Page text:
A new exercise routine can help you change your relationship with alcohol
It doesn't need to be a hardcore workout — even a walk is effective.
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Many people trying to curb their alcohol use have found that starting a fitness routine helped them maintain sobriety. Among them is St. Paul coach Nell Hurley, who started exercising regularly between AA meetings when she began her 12-step journey more than 20 years ago.
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She leveraged her experience with personal training and addiction recovery to launch Hurley Health, where she combines recovery coaching with fitness and nutrition plans to help clients abstain from or reduce their alcohol and drug use.
For "gray area" drinkers, whose alcohol use isn't at a level appropriate for detox or treatment, creating an exercise routine can be a powerful way to break a habit.
Moving our bodies increases mindfulness around how we're feeling physically and psychologically. It can improve our mental health as well as our sleep. When others are involved in a fitness routine, it can foster a sense of community, too.
Exercise can also be an important tool to counteract what Hurley calls our "incredibly aggressive drinking culture" — especially during a global pandemic, in which more people have turned to alcohol as a way of coping with all the uncertainty.
"Exercise has a positive impact on mental health and reducing anxiety — many of the reasons why people are reaching for alcohol in first place," Hurley said.
Drinking as habit
When people drink to unwind at the end of the day, the habit can quickly become detrimental to their health.
A gray-area drinker, Hurley explained, might regularly have a glass of wine while they cook dinner. Then drink another glass with their meal. And then maybe have one more afterword.
"That person is not an alcoholic, per se, but having three glasses of wine a night is way over the CDC recommendation of seven drinks or less per week for women," she said. "You can be what looks like a casual drinker on the outside, but you're going over that threshold."
Even a temporary break from alcohol can help give a drinker the chance to see what their body feels like without alcohol, she noted. They can also reflect more objectively on their behavior patterns and reasons why they typically turn to alcohol.
Hurley helps clients replace old harmful habits with new healthy ones in her 30-, 60- or 90-day "take a break" programs. She acts as a recovery coach and personal trainer, pairing a weekly 15-minute check-in with a workout in her home studio.
Hurley suggests creating a weekly fitness plan and scheduling workouts during times when the urge to use alcohol is strongest.
"If somebody is drinking out of habit or boredom, then they might think, 'I'm not sure what to do between 5:30 and 7 every night when I usually have a glass of wine or beer.' You could go to a CrossFit class or a yoga class or go for a run or walk to change up your habits."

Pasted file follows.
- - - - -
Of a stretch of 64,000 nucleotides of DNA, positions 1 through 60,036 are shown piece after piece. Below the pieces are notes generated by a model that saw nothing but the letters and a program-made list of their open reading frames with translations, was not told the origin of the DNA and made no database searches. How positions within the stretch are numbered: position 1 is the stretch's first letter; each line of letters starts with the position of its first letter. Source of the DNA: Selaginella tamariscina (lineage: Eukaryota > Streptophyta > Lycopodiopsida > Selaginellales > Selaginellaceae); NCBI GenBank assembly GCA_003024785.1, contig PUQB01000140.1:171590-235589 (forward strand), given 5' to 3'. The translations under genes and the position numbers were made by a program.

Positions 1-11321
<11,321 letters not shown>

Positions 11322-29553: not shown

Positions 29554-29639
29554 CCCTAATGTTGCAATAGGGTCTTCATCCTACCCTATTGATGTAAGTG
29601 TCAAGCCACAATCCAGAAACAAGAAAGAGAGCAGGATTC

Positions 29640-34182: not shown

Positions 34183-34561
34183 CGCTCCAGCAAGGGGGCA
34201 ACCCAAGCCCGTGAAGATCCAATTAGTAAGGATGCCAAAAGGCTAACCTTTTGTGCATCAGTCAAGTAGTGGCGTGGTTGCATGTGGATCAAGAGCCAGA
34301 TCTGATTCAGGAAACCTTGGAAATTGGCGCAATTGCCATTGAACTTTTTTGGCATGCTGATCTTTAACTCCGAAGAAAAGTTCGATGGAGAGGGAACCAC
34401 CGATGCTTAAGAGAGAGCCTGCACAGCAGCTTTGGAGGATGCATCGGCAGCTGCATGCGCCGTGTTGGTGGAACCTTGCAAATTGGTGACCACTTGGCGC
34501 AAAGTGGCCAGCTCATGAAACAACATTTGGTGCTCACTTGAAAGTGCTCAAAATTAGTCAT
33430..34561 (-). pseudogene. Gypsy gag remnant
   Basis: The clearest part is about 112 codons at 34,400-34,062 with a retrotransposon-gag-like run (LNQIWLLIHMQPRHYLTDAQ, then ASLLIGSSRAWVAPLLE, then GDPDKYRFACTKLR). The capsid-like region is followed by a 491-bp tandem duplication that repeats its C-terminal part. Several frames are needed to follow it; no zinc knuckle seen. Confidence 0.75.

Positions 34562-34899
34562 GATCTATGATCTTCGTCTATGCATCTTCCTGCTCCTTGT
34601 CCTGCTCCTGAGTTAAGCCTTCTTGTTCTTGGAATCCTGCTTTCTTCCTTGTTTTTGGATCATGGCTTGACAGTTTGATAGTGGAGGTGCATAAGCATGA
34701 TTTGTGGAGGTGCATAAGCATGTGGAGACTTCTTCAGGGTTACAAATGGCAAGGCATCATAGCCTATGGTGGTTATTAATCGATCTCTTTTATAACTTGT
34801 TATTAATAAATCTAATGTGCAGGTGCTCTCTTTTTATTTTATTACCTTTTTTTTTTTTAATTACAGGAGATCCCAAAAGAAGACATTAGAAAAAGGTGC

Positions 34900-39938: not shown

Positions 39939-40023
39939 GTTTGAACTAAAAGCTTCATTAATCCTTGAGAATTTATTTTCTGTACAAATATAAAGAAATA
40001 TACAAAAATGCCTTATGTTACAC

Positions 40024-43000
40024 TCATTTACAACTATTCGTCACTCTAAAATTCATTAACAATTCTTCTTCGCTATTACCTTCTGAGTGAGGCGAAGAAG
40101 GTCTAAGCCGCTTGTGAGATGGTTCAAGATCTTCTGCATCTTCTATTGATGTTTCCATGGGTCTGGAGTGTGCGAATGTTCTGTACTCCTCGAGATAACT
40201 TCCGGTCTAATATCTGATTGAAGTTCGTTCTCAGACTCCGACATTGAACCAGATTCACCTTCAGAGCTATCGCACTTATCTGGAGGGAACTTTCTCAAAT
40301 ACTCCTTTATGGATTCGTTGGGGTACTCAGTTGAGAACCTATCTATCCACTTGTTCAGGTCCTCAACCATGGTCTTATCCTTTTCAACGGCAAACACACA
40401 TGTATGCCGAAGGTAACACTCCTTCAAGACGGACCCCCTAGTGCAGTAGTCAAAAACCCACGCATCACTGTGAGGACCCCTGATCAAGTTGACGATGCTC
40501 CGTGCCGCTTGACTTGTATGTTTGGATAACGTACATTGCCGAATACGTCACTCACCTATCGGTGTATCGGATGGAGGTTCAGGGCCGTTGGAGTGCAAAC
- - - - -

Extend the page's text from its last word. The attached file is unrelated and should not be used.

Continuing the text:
It doesn't need to be a hardcore workout, she said. Even a walk is effective.
Benefits of exercise
If physical activity were a medicine, "it would be the most helpful medication ever invented," said Dr. Edward Laskowski, a specialist in Physical Medicine and Rehabilitation and Sports Medicine at Rochester's Mayo Clinic, who has served on two presidents' councils on physical fitness.
Laskowski often reminds patients to focus on fundamentals of health, such as exercise, which have been studied for decades. Regular physical activity has been proven to prevent or mitigate many health issues, including high blood pressure, Type 2 diabetes and cancer. It also increases energy and improves mood and sleep.
"Sometimes we ignore those foundational things in search of a magic bullet," he said. "Physical activity has a proven benefit."
Laskowski noted how alcohol use can cause long-term harm across the body — damaging the liver, brain and cardiovascular system, as well as increasing obesity for starters.
When used to support sobriety, physical activity can replace the good feelings that drinkers seek by increasing the release of brain chemicals called neurotransmitters, Laskowski said. More specifically, dopamine and serotonin help maintain mood and increase our motivation and energy. The endorphins behind a so-called "runner's high" create feelings of pleasure and reduce pain.
A study that Laskowski cited found that when regular exercisers were asked to remain sedentary for a week, they experienced worse mental health. The subjects' moods improved when they returned to their fitness routines.
Hurley noted the irony of how many gray area drinkers reach for alcohol to improve their mood and help them fall asleep — but how, in fact, alcohol can exacerbate depression and reduce restorative sleep.
"In the moment, alcohol reduces your anxiety, but by morning, it makes things worse," Hurley said. "People are using it to address anxiety and stress, and it's causing more anxiety and stress. Alcohol might make you fall asleep a little bit quicker, but then it disrupts your sleep later during the sleep cycle, so you're waking up at three o'clock in the morning and you can't go back to sleep."
Fitness can also build confidence and self-esteem as you set goals and meet them, Hurley said. And creating an exercise practice not only can strengthen a new habit around reducing alcohol use, but help people view their health and well-being more holistically.
"It used to be that the only reason you would not drink at all was because you couldn't — you had a problem with alcohol," she said. Nowadays, people eschew alcohol for the same reasons they're limiting things like meat, sugar or gluten: "They're paying more attention to their health."